In this example, data entry won’t allow dates before 2020-06-01 in the 'Alert Date' field. Also, it won’t allow dates before the 'Alert Date' in the 'Distribution Date' field.

Data Validation for decimal values

You might want to prevent users from adding a decimal value in a Quantity field, such as the ‘Kits distributed’. You can use the FLOOR() function to achieve this.The FLOOR() function is used to round a value downwards to the nearest whole number. Here the Quantity field ‘Kits Distributed’ has the Code NUM_KITS.


Validation rule for preventing decimal values
Validation rule for preventing decimal values

In this example, data entry won’t allow decimal numbers such 5.5 in the ‘Kits Distributed’ field.

Relevance rules

Relevance rules define when a field will appear in data entry. Using Relevance rules simplifies the data collection process for your users.

In the same example of the Emergency NFI Distribution Form, we use Quantity fields to collect the number of women and men who received a kit during the NFI Distribution. We want to address gender imbalances and to discover any potential impediments.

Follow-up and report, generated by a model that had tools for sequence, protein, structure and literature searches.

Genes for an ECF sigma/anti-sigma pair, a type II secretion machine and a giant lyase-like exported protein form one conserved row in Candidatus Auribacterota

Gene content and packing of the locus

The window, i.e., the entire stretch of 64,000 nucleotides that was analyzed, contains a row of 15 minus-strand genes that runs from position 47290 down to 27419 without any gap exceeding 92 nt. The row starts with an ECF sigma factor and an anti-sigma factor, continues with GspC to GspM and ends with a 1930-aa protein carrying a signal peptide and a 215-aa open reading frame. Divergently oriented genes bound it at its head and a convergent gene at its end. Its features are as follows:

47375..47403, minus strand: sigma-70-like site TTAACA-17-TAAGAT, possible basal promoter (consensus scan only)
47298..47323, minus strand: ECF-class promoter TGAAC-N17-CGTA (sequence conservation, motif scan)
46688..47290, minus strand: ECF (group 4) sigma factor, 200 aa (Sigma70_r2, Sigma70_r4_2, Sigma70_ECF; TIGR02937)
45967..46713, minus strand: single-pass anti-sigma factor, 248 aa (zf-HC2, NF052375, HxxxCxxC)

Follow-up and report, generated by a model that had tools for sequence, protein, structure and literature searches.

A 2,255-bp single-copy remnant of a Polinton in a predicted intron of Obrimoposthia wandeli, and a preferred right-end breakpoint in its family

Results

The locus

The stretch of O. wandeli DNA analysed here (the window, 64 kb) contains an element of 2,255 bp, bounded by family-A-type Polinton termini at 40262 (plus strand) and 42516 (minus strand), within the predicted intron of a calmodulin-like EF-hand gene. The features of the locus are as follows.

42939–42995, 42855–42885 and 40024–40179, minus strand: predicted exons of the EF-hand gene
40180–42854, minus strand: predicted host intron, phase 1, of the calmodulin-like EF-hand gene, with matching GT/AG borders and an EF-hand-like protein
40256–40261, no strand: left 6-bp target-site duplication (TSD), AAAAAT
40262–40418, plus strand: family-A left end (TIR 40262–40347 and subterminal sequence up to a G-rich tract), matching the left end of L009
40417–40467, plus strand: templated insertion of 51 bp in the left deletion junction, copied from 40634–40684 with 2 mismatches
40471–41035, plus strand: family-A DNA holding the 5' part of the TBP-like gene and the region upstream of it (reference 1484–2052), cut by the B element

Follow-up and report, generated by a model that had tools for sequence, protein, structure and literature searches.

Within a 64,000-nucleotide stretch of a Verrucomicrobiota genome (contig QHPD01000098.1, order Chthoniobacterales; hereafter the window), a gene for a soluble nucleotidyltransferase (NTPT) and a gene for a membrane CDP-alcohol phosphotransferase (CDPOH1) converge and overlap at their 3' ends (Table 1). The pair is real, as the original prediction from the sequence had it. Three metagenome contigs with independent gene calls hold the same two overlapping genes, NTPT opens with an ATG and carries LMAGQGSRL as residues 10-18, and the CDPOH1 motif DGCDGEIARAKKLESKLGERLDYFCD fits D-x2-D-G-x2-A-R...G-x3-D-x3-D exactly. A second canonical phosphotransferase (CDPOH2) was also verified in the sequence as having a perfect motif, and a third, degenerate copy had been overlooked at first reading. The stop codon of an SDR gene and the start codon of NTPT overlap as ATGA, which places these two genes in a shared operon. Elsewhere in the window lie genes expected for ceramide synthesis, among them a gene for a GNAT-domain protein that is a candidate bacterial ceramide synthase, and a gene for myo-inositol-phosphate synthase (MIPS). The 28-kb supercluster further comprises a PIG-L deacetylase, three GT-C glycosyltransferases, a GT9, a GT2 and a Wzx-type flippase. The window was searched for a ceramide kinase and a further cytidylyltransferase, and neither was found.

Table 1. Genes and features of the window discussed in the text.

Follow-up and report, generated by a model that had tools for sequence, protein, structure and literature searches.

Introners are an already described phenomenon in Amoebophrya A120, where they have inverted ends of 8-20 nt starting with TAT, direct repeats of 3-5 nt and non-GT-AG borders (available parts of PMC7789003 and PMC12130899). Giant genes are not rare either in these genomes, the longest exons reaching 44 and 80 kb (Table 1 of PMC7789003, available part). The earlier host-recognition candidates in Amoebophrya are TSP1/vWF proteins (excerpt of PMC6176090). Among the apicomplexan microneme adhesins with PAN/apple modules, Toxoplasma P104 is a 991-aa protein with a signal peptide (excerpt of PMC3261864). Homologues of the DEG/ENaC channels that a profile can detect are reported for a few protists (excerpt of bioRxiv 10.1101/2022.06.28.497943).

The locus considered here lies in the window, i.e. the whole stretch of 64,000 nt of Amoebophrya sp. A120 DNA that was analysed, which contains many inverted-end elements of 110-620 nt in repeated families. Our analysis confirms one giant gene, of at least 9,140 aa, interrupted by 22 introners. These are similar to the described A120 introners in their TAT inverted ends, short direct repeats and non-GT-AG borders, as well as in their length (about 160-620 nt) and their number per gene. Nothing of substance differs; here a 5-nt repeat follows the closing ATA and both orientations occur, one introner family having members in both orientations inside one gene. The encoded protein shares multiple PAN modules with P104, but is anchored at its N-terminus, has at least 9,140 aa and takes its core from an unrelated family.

To do that we add an additional question, as a Multi-line Text field, to ask for further information on women under-representation in the distribution. To simplify data entry, we add a Relevance rule with a formula to this field so that it only appears when there is a high imbalance.

We will give the Codes ‘MEN’ and ‘WOMEN’ to the respective Quantity fields and we will decide on a ratio under which, if the ratio or women to men falls, the question should appear.

Formula: WOMEN/MEN < 0.85

Relevance rule with formula
Relevance rule with formula

In this example, the additional question will appear if the ratio of women receiving a kit in comparison to men receiving a kit is under 0.85.

Validation and Relevance rules with Reference Forms

You can use the fields of other Forms in your Validation and Relevance rules. To do this you simply need to reference the Form and use its name and the field name with a dot (.) notation in between. Let’s take the example of two Forms: